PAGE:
We first announced last month that Ayo: A Rain Tale was being released on mobile. Now, we’ve looked at the game more closely.
As we shared earlier, in the game, you play as the character Ayo. The story is set in sub-Saharan Africa and focuses on Ayo collecting water for her family.
The game brings to focus the plight of millions of families across the world who don’t have access to clean and safe water. Not to mention, the responsibility many young girls and women in helping collecting water for their families.
Now that I’ve played the game, I can very plainly say now that it fits into the platformer genre. The primary controls are via a virtual directional stick located on the left and a jump button on the right.
More on that left direction control – it’s awesome
Either I haven’t played very many games or this is new to me but the left direction control actually moves wherever your finger is. In other words, there is no dedicated area on the phone (other than the left-hand side) for directions. This is great because some people may have different grip positions on their phone while playing in landscape mode. Personally, it was interesting to see how much my left thumb deviated from place to place based on the UI control overlay.
I don’t know if I was just really derpy. I found that despite thinking that I was using the controls precisely, I was not moving Ayo precisely. It almost feels like there’s a bit of lag between input and the character movement, albeit, minor lag. Regardless, it wasn’t that hard to get into ‘the groove’ of how the movement mechanics work.
Also, it seems in the game that the dimensions of certain climbable objects aren’t what they seem. This is a minor complaint as well. You’ll see towards the end of this video my tedious climb up to an empty platform (starts at 4:00):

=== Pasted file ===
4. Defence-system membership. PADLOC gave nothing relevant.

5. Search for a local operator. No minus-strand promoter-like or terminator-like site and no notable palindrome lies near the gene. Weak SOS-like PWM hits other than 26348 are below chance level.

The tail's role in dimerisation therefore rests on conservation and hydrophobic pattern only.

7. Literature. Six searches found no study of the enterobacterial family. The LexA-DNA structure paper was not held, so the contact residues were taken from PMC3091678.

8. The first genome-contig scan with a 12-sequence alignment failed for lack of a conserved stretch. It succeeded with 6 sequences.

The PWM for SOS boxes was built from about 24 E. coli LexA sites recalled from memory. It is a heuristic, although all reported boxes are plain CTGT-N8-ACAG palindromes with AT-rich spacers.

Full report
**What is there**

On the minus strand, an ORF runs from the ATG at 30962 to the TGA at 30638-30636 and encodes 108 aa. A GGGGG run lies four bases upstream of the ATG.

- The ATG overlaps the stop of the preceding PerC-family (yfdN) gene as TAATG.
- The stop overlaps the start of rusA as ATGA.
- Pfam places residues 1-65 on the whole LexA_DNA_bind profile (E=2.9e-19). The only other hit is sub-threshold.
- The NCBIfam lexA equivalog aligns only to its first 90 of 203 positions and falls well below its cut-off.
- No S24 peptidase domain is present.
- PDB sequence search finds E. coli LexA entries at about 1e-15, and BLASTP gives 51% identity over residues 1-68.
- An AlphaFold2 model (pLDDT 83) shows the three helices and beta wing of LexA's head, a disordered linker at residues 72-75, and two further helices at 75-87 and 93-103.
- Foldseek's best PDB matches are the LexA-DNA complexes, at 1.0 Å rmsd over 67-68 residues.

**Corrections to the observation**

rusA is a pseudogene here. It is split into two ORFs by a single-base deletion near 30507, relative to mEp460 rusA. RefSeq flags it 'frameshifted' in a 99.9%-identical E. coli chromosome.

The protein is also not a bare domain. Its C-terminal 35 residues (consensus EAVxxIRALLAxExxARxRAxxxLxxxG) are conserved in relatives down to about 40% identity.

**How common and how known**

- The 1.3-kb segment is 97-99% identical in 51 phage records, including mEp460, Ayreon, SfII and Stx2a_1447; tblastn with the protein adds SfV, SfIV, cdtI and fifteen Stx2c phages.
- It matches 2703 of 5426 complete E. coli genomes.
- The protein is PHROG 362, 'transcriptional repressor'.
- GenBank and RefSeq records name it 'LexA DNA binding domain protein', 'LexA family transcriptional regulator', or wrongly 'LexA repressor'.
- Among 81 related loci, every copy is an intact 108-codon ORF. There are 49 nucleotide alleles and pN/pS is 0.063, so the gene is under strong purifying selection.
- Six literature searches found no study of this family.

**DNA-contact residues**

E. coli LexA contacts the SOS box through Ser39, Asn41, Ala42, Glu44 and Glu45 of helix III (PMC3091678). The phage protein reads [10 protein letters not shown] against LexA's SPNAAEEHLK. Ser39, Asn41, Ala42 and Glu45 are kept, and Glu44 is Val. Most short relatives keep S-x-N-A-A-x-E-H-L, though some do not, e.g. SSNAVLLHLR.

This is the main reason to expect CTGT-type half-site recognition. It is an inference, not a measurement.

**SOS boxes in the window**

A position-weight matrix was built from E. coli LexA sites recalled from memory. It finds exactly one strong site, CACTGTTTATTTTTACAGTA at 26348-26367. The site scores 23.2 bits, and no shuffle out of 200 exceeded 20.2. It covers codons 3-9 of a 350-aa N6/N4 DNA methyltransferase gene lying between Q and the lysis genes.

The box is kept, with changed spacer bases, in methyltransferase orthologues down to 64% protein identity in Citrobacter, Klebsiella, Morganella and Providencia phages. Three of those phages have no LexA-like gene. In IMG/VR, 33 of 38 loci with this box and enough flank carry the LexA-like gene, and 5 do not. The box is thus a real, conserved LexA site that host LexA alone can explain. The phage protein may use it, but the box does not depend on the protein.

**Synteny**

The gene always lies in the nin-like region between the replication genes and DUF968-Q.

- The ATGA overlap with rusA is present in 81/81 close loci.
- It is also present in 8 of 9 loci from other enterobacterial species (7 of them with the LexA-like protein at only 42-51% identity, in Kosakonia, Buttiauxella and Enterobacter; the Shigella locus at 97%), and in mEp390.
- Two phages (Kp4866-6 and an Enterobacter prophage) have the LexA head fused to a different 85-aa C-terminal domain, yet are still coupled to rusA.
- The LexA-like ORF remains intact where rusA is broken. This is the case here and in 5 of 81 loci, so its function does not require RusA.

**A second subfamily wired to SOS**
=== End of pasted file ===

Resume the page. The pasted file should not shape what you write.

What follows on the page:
I quite enjoy the mixed 2D-3D graphics. There’s a depth to the visuals that you wouldn’t normally get in a flat 2D side-scroller. The 2D overlays of plants and other environmental features also help with this visual depth.
The various short cutscenes in between levels are also beautiful. The cartoon style is simple but very colourful. The cutscenes are also partially animated but still sit in that minimalist camp.
While you get music on the main menu, it isn’t a feature as such during the rest of the gameplay. I don’t see this as a bad thing because the rest of the game makes up for it with the sound design.
As you’ll find from my previous reviews, I have a soft spot for good sound design. Whether it’s the sound effects or how the sound depicts the environment, I think Ayo does a good job in this department. The sound together with the visuals helps create a 3D-feeling space.
I usually put this story section earlier but I want to tie it in with the previous sections since they all play a big role in how the story is told.
Firstly, while I initially called this game a platformer, it’s definitely more of an audiovisual representation of a real-world problem. I’ve never had a moment in my life where I’ve struggled to find or even get water. This game, as an experience, clearly highlights how difficult it really can be for people in real life. People will walk and do walk great lengths for a resource that I can say I easily take for granted.
Secondly, I can’t say how much the visuals, the music and the sound really build the environment you play in. It’s not often that you feel transported to a different place — and this is even harder to say when you’re playing a side-scrolling game. In particular, the soundscape of the first underground level really builds the setting for you.
Thirdly, I think the game really brought home its main message: young girls and women out in the world collecting water for their families are Ayo. If you didn’t think about the value of water before this game, then you definitely will after. There’s plenty of ‘space’ in the game to contemplate this reality.
Ayo isn’t a game I would normally download and play and I can see myself finishing it because I’m really invested in Ayo’s personal story. I want to see her succeed and I want to see her make it past all of the stupid obstacles that life puts in her way. But, most importantly, I want to see her triumph. And that, I think, is where you’ll find you connect with the story because you’re there with her every step of her journey.